Chlamydia trachomatis is pathological bacteria that live inside a host's cell causing several diseases that can be life threatening when proper medication is not given. Infections caused by Chlamydia are the most common sexually transmitted disease in the United States accounting to approximately 4 million infections a year. People infected with Chlamydia may not show symptoms of infection right away, or the symptoms may not show at al. Serious complications can occur from untreated Chlamydia trachomatis infection so you are advised to see a doctor if you have a slightest reason to believe you have Chlamydia.
The most common symptoms of Chlamydia trachomatis infection in men and women are a burning sensation in the urethra and painful urination. Abnormal secretions in the urethra may also be observed. Severe cases or cases arising from complications manifest through different, more serious symptoms.
Diseases caused by Chlamydia trachomatis
In severe cases, Chlamydia infection may lead to reproductive problems in women. It can create permanent damage to the cervix, uterus, fallopian tubes, and ovaries, and it can cause pelvic inflammatory disease. If proper management by a physician is not given, the complication may cause infertility in women. The complication may manifest as painful urination and bleeding between menstrual periods.
Pregnant women can also infect Chlamydia to their fetus, and they can transfer the pathogen to their babies during natural birth. The complication could arise to babies born with deformities, and babies having upper respiratory tract, throat, and eye infection caused by the bacteria.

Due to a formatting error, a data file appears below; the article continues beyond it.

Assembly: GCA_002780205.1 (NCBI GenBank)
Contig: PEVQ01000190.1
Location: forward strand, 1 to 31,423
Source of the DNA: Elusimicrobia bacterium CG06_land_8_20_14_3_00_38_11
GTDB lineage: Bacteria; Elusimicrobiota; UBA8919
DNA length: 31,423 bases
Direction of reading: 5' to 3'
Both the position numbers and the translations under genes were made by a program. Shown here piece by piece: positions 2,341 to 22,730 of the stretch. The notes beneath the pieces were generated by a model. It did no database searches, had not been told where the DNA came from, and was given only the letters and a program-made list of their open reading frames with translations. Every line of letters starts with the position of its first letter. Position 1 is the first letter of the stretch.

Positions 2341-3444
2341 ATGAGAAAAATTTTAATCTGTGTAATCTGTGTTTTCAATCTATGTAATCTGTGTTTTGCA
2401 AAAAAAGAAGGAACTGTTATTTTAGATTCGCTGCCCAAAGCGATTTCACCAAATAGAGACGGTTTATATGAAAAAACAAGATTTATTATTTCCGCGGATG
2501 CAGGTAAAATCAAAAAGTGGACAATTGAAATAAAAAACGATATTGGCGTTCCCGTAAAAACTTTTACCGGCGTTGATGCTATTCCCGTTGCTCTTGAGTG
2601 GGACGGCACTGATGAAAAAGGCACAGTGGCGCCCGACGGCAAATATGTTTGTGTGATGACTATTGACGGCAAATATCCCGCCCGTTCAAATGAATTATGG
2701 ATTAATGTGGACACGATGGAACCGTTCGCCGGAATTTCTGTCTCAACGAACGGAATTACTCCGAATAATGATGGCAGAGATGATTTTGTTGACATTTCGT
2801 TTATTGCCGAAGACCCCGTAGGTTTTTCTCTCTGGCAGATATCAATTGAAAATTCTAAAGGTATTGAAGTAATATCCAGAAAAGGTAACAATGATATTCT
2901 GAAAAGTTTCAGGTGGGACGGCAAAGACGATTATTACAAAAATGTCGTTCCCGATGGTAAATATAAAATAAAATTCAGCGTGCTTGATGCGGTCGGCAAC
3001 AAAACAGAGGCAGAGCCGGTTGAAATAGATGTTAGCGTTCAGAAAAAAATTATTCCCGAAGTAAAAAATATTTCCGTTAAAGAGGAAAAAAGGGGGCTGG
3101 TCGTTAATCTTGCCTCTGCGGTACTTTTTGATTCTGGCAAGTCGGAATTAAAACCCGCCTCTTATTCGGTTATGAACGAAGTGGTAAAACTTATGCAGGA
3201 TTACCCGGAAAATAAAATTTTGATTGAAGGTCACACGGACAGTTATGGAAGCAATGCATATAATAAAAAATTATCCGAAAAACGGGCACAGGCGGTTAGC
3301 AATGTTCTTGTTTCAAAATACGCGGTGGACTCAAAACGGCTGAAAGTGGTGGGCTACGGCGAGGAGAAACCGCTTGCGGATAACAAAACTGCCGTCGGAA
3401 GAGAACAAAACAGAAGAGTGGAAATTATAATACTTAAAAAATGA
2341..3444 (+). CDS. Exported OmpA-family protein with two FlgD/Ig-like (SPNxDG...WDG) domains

Chlamydia trachomatis complications in men include inflamed urethra, prostate gland, epididymis, and sometimes, infertility. It could manifest through abnormal secretions through the urethra and burning sensation during urination.
People engaged in oral or anal sex could also develop inflamed throat or rectum due to Chlamydia infection.
Mode of infection of Chlamydia trachomatis
The number one mode of infection of Chlamydia is through sexual contact with an infected individual. It can be transmitted through vaginal, anal, or oral sex, and the bacteria could stay dormant for a couple of weeks before it starts to show signs of infection, if at all. Pregnant women could also transmit Chlamydia to their unborn child, and infection could also happen during natural birth. In very rare cases, infection could also happen when a person comes in contact with the urethral discharge from a person with Chlamydia. This mode of infection is most likely to happen in over populated areas common in third world countries.
Prevention from Chlamydia trachomatis
The best way to prevent infection is to avoid having sex with infected people. Staying with one sexual partner is a good idea. Latex condoms are also good in preventing transmission during sexual intercourse. To some extent, douche can increase the risk of contracting Chlamydia by decreasing the flora of the vagina. Having regular screening for sexually transmitted diseases is also advised to prevent complications.
Treatment of Chlamydia trachomatis
Luckily, Chlamydia trachomatis infection is relatively easy to treat. A regular dose of antibiotics such as doxycycline, tetracycline, azithromycin, erythromycin, or amoxicillin for a week or so is sufficient to rid the body of the pathogen. If a complication has arisen, however, a more comprehensive treatment is needed to correct the symptoms from the complication.